Shared Equity Loans Explained
There is now a loan product that can assist you purchase a more expensive home or reduce your monthly repayments.
As distinct from a typical loan product, under a shared equity loan the lender assists with the purchase of a home through the provision of a loan and/or “capital”. As the name implies, the major difference between a shared equity loan and a traditional loan is that the borrower forgoes part of the capital gain upon sale of the property or clearance of the debt.
Under shared equity loans the lender may contribute up to 20% of the value of the home. For example, if you purchased a home for $500,000, the lender may contribute up to 20% ($100,000) of the purchase price without charging you interest on this amount over the life of the loan.
What are the benefits of this type of loan to you as the buyer?
- Reduce the upfront capital cost of purchasing a new home.
- Help you purchase a home of greater value than you would have otherwise been able to (due to limited servicing ability).
- Reduce the monthly repayments of a loan by borrowing less, or
- Enable you to upgrade to a more expensive home than you could normally afford as the lending institution is contributing 20% of the value of the home. For example, you may decide to purchase a $600,000 home instead of a $500,000 home to improve your lifestyle.
So what’s the catch? Why would a lender give you an interest free loan?
As the lender’s contribution is assumed to be equity in the home they participate in the capital growth. In addition to the lender being entitled to their share of the capital growth, they also participate in your share of the capital growth in lieu of the payment of interest. For example, whilst a lender may contribute up to 20% of the upfront capital value, they may be entitled to 40% of the capital gain in the home.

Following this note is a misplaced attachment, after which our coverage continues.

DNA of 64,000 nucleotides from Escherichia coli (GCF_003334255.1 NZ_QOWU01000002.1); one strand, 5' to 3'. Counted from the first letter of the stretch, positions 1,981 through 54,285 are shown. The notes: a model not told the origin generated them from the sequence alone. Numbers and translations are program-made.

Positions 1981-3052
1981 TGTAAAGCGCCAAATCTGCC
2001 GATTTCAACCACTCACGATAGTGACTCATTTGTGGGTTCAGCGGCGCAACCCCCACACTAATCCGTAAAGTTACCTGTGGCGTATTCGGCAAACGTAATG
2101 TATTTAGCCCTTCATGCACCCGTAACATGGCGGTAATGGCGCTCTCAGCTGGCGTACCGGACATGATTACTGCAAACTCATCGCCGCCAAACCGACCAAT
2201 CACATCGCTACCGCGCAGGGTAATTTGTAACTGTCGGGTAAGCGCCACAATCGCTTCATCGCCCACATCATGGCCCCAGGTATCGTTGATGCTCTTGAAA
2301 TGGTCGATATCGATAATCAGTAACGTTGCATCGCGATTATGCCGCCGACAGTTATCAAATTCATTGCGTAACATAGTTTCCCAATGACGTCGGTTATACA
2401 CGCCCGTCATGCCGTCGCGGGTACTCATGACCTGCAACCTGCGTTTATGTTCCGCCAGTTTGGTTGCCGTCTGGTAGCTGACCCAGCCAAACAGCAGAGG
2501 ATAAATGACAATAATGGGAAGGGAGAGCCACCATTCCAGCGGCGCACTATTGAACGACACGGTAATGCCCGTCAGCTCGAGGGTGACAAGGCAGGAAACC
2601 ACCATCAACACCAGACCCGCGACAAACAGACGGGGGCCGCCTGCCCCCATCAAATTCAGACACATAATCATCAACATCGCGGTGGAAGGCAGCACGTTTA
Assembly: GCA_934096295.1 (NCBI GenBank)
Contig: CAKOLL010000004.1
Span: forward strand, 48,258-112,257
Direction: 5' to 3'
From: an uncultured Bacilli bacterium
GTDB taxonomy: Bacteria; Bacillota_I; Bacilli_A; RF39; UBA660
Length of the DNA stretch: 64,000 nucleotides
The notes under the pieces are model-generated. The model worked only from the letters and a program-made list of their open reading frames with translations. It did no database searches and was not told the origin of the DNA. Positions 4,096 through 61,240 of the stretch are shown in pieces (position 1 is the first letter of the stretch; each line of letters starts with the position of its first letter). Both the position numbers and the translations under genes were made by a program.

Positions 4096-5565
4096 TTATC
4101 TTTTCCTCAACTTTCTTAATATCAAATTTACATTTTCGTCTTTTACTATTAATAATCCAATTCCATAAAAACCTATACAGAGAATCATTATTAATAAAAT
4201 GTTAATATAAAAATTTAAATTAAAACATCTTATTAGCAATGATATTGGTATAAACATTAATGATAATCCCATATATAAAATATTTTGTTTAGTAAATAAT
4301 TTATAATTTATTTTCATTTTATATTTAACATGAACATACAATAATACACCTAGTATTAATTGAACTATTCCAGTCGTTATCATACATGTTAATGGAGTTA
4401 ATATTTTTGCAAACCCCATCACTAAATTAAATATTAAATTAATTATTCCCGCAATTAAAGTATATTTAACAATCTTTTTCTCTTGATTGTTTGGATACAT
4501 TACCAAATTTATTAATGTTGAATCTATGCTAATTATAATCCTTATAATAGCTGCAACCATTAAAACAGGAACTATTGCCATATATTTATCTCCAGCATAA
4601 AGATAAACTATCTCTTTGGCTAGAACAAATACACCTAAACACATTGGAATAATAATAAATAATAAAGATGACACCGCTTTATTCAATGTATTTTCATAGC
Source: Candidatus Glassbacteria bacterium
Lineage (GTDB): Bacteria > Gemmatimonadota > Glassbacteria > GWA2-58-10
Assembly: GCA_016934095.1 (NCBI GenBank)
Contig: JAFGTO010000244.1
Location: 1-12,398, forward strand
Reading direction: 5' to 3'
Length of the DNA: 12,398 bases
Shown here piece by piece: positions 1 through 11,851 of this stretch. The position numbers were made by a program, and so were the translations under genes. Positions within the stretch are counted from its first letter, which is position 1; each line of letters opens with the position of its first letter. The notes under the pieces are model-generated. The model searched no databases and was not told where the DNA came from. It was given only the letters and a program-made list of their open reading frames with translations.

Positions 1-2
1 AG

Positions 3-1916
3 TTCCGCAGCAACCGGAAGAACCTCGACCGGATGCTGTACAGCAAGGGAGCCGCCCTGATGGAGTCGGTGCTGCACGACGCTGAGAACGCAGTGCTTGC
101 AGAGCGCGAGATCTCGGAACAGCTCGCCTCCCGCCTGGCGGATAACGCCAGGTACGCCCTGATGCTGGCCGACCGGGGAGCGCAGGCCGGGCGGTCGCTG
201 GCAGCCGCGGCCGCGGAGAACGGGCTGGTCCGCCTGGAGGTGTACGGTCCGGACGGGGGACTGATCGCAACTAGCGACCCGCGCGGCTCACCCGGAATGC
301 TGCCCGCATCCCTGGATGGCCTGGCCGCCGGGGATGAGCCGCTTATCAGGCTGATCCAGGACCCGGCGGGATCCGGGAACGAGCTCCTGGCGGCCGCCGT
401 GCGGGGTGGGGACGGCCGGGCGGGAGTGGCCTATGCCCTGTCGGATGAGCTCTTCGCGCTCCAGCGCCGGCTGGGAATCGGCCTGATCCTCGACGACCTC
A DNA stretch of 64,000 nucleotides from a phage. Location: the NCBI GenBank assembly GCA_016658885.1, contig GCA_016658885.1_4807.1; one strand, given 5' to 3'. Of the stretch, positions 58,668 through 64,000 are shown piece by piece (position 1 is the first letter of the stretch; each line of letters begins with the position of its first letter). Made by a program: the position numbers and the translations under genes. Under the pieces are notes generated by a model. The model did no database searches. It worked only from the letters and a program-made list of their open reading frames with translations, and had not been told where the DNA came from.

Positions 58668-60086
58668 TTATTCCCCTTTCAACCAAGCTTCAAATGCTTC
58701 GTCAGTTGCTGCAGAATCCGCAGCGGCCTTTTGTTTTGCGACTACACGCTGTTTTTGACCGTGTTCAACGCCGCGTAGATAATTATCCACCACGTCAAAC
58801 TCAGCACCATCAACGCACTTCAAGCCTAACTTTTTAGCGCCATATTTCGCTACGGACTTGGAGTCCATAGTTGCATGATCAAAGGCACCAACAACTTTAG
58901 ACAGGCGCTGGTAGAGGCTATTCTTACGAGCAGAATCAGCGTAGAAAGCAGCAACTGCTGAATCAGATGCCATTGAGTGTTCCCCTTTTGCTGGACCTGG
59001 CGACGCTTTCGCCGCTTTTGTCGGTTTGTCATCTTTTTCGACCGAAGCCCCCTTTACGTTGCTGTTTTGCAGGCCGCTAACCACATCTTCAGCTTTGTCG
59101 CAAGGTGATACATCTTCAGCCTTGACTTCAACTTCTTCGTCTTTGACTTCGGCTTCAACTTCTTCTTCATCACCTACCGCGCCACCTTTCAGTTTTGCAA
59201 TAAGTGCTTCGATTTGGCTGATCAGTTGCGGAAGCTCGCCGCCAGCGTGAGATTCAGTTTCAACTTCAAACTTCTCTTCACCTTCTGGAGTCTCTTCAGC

In summary, under the shared equity portion of the loan you are not required to pay ongoing monthly interest on that portion of the loan. As a result of this benefit, you will be required to forgo your right to 100% of the capital gain in the home and potentially only be entitled to 60% of the capital gain.
Therefore, you need to make sure that the upgrade is going to be worth it! The good news however is, if the home is sold at a loss, the lender may also share the pain of a market downturn.
There are obviously pro’s and con’s for this type of loan and it will not suit all home buyers. You need to be fully aware of the terms and conditions of the loan to avoid misunderstanding at the time of selling. It is not available for investors yet, however as the demand for this type of product grows, there may be some developments down the track.
For more information about this loan type, or for further information about your borrowing capacity, please call the office.